Thomas Szasz died this weekend. Although I discovered his work relatively recently (and haven't read most of it yet), his challenging questions in the field of psychiatry have reformed what was otherwise fast becoming an arm of government – for political oppression.
Some articles on his death
My blog posts on Szasz
- If Hayek was clear headed, then Thomas Szasz is perhaps the clearest headed of all
- Thomas Szasz: the psychologist who has freed man from the coercive control of psychiatrists
- Evidence from New Zealand and Australia of the DESTRUCTION of young people’s liberty by psychiatrists
- Psychiatrists as the main providers of torture services for all totalitarian regimes
Please join the Facebook group on Szasz
Inspired by Szasz's talks that I heard last night on youtube, I decided to listen to him some more today. I'll get to his work later (which will require me to first finish the huge number of books I've been constantly purchasing and downloading), but his next talk that I listened to – a short while ago – is even more dramatic in impact and clarity than the one I shared with you last night.
I must admit that I've not been challenged by anyone so deeply as I've been by Thomas Szasz's ideas.
Interestingly, in my current draft version of DOF I've landed on a position that is fairly close to Szasz's views about individual responsibility. In particular, I dislike the idea of people escaping responsibility for criminal acts on grounds of mental illness.
But on the other hand, I suffer from some of the indoctrination of the "standard" psychology literature. For instance, I have a fairly extensive background in abnormal psychology, which I studied for my IAS exam. Thus I read more than 30 post-graduate books written in the 1960s and 1970s. True, I also know that psychology has changed dramatically (but haven't kept pace with the change – except to read Seligman and the like).
Whatever the change has been, it has clearly not been enough. We still have monstrous psychologists who, today, intend to "test" the "mental health" of three year old schoolchildren for potential psychological "disorders". What monstrosity! Delusion.
Listening to Szasz has also made me more opposed than ever before to the idea of doctors being empowered to "prescribe" "medicines". Powerful unions of doctors and psychiatrists have created a sweet gravy train for themselves even as they provide TOTALLY UNACCOUNTABLE "services" to the "masses" like us. The very idea of someone being empowered to "legalise" a drug is now on the line, in my mind.
Disclosure of the effects of a drug, yes. But then we must be free to decide whether we want it, and whether we will pay for it. Legalisation (and therefore handing over control to some "professionals") is a dangerous power game. Pure politics. "Legalisation" is the obverse of making it ILLEGAL for you and I to get the medicine without handing over our hard earned money to unaccountable "doctors".
In brief, I've rarely come across a clearer-headed person in my life than Thomas Szasz. Enjoy this talk, below. I will, time permitting, have much more to say about his ideas and work.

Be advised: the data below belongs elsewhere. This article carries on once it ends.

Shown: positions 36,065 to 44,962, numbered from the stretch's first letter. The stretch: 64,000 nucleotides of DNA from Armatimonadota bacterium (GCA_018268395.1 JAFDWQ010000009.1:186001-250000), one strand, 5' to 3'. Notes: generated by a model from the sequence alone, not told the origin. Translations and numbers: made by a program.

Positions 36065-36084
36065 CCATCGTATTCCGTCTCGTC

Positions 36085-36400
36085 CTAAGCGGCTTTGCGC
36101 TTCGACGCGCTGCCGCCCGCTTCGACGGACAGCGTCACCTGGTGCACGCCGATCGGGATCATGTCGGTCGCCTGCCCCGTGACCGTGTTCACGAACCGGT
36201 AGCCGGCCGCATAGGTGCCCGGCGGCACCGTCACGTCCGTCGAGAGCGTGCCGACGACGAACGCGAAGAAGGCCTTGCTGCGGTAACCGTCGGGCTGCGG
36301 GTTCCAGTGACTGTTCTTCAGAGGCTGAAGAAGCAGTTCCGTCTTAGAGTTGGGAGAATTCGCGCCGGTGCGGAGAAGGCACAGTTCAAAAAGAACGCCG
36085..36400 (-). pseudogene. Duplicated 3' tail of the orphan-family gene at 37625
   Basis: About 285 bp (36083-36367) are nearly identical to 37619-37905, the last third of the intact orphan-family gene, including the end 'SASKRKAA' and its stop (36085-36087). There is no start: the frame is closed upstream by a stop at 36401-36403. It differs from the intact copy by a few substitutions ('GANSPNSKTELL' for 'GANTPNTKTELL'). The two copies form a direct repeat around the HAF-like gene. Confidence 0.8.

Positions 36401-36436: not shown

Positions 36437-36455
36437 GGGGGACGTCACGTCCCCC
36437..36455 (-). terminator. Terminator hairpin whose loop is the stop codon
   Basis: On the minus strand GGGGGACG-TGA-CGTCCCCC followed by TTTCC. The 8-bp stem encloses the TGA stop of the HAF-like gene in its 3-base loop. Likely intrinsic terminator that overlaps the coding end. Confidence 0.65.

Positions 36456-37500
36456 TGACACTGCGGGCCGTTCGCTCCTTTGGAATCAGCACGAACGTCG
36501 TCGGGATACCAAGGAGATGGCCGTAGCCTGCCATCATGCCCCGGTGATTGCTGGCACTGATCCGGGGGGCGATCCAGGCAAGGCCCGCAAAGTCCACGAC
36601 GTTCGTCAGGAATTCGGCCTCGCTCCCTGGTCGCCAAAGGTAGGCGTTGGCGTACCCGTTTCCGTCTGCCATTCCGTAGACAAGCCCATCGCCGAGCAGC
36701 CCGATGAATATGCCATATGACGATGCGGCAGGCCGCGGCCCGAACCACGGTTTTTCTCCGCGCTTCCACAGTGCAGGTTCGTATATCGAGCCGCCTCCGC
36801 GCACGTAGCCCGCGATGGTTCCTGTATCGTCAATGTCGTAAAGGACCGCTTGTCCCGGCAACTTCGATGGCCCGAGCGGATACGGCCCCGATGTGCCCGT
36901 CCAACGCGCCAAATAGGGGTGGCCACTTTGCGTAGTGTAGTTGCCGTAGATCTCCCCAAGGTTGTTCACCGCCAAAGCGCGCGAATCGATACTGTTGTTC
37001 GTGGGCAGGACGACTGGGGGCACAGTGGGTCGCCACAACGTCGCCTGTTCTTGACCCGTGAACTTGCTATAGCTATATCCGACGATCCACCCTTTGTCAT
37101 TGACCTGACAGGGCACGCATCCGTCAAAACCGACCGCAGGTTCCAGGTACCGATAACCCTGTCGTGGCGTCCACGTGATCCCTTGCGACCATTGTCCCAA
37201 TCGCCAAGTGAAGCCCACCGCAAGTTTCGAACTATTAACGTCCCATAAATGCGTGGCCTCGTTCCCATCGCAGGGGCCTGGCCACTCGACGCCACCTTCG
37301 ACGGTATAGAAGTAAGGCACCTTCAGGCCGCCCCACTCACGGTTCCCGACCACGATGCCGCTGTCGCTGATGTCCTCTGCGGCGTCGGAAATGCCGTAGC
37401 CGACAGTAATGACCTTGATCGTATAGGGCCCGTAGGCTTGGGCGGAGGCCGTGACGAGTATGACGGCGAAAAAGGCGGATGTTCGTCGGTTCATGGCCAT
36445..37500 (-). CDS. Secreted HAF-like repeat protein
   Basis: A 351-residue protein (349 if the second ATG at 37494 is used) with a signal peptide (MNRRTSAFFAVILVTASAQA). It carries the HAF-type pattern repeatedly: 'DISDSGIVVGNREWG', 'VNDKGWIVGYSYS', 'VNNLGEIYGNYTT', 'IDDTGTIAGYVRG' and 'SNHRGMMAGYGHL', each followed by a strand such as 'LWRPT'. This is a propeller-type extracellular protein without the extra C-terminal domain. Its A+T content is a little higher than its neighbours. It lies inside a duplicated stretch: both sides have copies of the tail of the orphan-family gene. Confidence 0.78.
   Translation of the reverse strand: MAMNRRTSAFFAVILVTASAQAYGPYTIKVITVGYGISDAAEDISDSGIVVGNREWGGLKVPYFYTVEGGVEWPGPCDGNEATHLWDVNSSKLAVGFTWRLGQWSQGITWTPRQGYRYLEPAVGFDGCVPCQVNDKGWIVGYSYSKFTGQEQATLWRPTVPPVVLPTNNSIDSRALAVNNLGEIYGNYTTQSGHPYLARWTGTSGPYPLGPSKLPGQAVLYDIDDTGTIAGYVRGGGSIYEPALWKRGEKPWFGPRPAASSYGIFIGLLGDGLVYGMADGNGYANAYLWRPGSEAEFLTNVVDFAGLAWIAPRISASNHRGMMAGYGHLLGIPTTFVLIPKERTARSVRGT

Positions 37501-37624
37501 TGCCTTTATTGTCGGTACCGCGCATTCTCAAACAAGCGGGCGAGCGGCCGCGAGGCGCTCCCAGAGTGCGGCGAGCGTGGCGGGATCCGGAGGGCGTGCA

More on Szasz: here.
Recent talks at a conference: here and below:
Thomas Szasz, born in 1920 and still alive and active, is a legend who should be known far more widely than he is. He runs the Thomas Szasz Cybercentre for Liberty and Responsibility.
His 1961 book The Myth of Mental Illness (see an essay by Szasz on this topic here) is considered an all-time classic by many. Unfortunately, I had either not heard about him in the past or had neglected his work. I first paid attention to his work only a few years ago, when I read Jim Powell's Triumph of Liberty.
Not to be under-done, lest anyone fail to understand what he stands for, he wrote the aggressively titled Psychiatry: The Science of Lies as recently as in 2008. Over 90 now, he has now acquired a well deserved reputation not just as an eminent psychologist but as a man of liberty.
Powell writes: "His writings inspired the movement to restore civil liberties of patients".
Szasz sharply distinguishes between (a) disease (b) behaviour and (c) crime. Disease is a medical condition that can be observed and measured objectively, and scientifically tested. It is a PHYSICAL condition. Behaviour is NOT a disease, and just because someone (e.g. a child) behaves in a particular way does not mean that such person has a disease. Finally, crime is a subset of behaviour – that harms others in a manner deemed to be criminal.
Psychiatry has been used as an instrument of the state to coerce those who have NOT committed any crime. Locking up innocent people in "mental asylums" was the norm till Szasz began his work. Szasz argued that the state could NOT imprison someone who had not committed any crime, but merely behaved differently – or even strangely.
There is nothing like a lecture by an excellent professor to teach us useful insights. As usual, a quick search of Youtube led to outstanding lectures/ snippets by Szasz. The first of these, below, is a 1 1/2 hour lecture (with questions) given in 1994. Every minute of it is worth paying attention to.
This second one, below is a short summary of his ideas about how children are being poisoned by "psychiatrists":